2019 CSCE Annual Conference - Laval (Greater Montreal)

2019 CSCE Annual Conference - Laval (Greater Montreal) Conference

Structural and environmental analyses of tall wood-concrete hybrid system

Mr. Alex Schuirmann
Dr. Cristiano Loss
Dr. Asif Iqbal, University of Northern British Columbia (Presenter)
Mr. Thomas Tannert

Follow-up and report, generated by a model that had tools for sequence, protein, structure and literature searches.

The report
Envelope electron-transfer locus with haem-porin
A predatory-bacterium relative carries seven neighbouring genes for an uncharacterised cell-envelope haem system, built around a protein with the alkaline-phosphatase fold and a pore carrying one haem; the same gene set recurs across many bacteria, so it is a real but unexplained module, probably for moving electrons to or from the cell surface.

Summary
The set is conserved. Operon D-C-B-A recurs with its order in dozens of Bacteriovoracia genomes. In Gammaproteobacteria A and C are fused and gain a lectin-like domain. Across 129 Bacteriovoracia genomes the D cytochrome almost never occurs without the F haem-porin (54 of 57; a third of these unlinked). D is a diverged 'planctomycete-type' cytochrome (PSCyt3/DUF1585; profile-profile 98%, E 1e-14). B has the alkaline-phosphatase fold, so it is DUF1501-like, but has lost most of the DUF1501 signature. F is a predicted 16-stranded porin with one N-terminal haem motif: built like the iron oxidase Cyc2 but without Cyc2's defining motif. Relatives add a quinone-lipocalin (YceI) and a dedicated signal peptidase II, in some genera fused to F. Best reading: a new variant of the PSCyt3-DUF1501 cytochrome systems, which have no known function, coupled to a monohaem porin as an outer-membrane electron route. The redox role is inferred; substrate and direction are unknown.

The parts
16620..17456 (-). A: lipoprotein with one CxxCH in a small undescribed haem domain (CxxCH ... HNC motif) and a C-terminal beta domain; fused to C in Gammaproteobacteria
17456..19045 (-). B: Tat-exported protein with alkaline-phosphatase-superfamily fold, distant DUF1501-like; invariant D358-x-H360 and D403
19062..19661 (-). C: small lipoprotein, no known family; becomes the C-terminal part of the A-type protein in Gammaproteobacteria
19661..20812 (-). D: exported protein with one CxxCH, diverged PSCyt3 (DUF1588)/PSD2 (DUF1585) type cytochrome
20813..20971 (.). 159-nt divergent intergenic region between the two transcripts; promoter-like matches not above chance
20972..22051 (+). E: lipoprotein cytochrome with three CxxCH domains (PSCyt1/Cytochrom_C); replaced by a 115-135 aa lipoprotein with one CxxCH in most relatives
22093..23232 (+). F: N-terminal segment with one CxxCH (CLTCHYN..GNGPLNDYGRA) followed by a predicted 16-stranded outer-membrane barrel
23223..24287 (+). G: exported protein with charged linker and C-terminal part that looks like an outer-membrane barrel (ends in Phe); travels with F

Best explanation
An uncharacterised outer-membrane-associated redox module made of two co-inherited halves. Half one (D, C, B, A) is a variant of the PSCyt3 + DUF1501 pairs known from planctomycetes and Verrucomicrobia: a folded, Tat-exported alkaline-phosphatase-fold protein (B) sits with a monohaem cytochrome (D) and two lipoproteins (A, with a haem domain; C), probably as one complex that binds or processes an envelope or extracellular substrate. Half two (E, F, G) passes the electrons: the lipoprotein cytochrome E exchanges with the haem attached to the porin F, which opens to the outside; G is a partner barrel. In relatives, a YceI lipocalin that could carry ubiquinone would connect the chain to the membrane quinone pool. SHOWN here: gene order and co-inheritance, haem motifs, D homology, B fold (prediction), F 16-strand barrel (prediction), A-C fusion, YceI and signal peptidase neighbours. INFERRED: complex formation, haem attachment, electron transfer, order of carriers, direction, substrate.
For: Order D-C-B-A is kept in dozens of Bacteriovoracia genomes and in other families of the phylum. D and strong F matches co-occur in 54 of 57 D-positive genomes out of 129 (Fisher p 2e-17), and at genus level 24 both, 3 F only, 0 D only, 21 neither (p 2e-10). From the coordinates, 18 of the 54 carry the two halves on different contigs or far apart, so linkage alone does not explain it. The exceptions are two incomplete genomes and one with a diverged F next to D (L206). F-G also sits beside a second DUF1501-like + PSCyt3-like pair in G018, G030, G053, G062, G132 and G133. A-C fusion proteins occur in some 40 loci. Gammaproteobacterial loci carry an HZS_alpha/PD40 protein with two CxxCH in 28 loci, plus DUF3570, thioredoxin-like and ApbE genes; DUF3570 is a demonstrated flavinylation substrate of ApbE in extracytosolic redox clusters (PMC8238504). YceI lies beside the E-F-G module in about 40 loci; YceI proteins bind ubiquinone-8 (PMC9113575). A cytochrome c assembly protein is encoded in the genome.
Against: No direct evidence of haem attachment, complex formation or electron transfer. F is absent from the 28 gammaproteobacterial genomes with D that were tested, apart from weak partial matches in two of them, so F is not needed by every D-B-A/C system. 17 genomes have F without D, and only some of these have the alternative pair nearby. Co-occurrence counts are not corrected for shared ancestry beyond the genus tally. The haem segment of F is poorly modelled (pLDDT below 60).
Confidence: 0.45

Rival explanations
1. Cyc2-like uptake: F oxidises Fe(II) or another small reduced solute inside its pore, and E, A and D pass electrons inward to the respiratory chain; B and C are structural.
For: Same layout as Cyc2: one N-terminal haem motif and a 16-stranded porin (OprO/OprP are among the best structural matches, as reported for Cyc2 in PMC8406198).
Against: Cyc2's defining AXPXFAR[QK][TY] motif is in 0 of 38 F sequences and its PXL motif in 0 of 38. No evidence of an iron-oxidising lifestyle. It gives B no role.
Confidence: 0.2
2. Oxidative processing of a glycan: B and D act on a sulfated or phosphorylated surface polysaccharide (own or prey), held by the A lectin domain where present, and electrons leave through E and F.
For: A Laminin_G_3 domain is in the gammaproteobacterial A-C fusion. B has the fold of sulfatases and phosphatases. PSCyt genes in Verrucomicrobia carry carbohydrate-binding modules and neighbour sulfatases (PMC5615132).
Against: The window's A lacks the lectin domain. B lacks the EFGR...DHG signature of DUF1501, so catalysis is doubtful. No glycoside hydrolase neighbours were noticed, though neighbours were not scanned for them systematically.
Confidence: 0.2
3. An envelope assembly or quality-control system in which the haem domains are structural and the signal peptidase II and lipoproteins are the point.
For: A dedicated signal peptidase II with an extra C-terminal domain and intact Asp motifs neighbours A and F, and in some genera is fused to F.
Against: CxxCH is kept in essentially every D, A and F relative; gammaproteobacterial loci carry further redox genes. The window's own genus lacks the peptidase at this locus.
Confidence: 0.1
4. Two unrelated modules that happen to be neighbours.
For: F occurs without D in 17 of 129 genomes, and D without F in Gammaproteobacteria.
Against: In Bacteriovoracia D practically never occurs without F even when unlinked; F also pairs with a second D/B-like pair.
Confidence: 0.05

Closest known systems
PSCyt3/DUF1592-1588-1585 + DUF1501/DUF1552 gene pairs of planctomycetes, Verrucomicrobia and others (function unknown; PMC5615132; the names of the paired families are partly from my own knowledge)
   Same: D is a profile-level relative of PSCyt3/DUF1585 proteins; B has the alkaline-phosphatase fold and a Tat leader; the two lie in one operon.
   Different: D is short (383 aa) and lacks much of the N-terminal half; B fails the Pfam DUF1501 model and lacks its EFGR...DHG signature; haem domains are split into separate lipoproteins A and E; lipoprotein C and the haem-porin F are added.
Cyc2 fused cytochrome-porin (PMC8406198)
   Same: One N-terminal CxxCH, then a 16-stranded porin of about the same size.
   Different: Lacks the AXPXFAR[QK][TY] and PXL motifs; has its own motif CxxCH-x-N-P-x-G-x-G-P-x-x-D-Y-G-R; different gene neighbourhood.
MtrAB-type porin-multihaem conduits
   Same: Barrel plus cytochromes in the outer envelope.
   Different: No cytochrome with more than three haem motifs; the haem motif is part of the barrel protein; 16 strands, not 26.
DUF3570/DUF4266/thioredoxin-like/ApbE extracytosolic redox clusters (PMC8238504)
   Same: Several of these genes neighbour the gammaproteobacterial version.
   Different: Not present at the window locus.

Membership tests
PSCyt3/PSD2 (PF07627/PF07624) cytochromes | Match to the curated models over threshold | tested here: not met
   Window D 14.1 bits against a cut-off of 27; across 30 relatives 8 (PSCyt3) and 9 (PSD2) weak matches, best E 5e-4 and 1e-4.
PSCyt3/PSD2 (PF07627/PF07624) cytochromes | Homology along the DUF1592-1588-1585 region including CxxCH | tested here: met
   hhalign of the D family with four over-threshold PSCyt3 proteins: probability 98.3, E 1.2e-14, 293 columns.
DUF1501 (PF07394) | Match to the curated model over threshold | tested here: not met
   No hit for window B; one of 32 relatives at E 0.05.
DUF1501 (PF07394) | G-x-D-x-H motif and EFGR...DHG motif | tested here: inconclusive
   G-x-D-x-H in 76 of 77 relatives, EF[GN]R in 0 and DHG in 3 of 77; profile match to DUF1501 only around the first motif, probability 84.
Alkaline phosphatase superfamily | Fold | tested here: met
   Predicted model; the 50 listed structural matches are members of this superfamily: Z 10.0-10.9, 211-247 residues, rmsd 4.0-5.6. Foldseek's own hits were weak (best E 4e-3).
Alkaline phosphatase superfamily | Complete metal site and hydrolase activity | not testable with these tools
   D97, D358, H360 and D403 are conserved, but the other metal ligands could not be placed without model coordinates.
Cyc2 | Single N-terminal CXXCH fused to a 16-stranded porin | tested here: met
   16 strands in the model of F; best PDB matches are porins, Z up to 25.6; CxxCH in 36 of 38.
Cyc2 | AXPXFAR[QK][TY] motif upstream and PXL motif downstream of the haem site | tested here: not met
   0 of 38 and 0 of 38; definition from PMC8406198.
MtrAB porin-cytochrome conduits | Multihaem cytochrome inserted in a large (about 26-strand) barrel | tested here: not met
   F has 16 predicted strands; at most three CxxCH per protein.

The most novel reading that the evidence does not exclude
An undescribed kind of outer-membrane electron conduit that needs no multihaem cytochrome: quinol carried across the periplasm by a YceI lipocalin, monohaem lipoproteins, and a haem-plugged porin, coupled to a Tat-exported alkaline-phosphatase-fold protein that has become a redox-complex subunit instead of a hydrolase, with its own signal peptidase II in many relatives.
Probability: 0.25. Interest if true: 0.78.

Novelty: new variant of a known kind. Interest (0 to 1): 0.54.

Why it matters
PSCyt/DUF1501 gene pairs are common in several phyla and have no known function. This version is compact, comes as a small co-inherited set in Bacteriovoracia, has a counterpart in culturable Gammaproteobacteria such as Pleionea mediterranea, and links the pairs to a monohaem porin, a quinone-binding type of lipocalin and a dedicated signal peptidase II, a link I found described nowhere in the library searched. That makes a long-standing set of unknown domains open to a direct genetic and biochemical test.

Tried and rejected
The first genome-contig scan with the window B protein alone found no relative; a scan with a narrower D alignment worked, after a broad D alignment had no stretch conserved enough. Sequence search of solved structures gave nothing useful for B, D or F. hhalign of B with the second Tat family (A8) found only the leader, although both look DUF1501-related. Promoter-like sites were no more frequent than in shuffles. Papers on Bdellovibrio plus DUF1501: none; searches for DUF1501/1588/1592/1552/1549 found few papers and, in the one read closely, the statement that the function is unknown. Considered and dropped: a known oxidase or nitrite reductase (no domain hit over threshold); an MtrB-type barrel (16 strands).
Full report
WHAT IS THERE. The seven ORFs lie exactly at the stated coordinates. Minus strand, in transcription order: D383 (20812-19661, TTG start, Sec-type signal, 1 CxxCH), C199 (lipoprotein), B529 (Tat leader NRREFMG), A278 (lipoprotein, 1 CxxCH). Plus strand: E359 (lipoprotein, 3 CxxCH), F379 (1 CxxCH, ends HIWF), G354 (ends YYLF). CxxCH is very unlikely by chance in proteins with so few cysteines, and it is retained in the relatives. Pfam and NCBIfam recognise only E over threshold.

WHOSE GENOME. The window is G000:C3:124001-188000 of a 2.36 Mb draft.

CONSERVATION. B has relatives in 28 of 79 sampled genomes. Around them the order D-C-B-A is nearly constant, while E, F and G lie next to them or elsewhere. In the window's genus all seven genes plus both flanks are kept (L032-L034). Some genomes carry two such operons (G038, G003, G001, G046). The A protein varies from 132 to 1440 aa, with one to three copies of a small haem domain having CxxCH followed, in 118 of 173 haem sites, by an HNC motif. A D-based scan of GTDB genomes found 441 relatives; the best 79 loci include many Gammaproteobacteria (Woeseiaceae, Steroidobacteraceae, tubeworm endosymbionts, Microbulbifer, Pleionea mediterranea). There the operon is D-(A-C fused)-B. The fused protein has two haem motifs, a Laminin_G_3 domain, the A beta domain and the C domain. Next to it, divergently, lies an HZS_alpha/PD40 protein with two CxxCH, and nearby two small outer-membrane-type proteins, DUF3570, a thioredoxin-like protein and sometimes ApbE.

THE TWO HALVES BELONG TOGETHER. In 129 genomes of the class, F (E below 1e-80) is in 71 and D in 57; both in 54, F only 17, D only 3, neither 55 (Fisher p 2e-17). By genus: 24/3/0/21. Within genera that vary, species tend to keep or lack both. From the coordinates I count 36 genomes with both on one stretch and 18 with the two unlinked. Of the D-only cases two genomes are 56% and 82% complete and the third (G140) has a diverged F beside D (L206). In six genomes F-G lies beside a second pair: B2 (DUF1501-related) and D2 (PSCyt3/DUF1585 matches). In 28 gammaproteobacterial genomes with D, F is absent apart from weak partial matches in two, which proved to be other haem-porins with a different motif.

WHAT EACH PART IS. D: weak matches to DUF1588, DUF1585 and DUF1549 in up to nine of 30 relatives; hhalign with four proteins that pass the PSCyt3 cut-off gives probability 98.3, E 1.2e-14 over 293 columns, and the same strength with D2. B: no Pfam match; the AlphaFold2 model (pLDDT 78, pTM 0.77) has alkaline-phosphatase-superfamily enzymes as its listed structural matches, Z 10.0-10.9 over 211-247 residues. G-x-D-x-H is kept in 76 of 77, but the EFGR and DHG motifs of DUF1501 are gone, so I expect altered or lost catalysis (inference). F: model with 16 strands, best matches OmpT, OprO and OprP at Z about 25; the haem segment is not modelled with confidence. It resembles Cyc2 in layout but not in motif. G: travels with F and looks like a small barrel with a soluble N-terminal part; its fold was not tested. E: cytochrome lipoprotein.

Sustainable construction methods are becoming a priority topic in the 21st century to reduce the environmental footprint of the building industry. Hybrid systems, which combine wood with other non-combustible materials, can enable application of engineered wood products beyond low- and mid-rise construction. This paper presents structural and environmental analyses on a novel tall wood-concrete hybrid system, where a concrete frame consisting of slabs at every third story provides fire separation as well as the necessary stiffness and strength to resist gravity and lateral loads. The intermediate stories including their floors are constructed using wood modules to create the usable space. This innovative approach reduces the environmental footprint of the building, reduces the building weight and therefore the seismic demand on connections and foundation, and speeds up the construction process. To study this hybrid concept, a 30-storey case-study building with regular floor plan was designed and compared to a regular all-concrete building. The gravity and lateral loads were analyzed for a building location of Vancouver, BC according to the 2015 National Building Code of Canada using ETABS. The results showed that the lighter hybrid option allows the use of a smaller concrete cores to resist the lateral loads. While inter-storey drift code requirements are met, wind becomes the governing lateral load case over seismic load demands due to the reduction of building mass. In addition to the structural design, a life cycle assessment was performed using the Athena Impact Estimator for Buildings. The hybrid building is significantly superior by reducing the amount of concrete by almost 60% which leads to lower environmental impacts in multiple categories. The research demonstrates the feasibility of the proposed hybrid system for tall buildings in high seismic zones.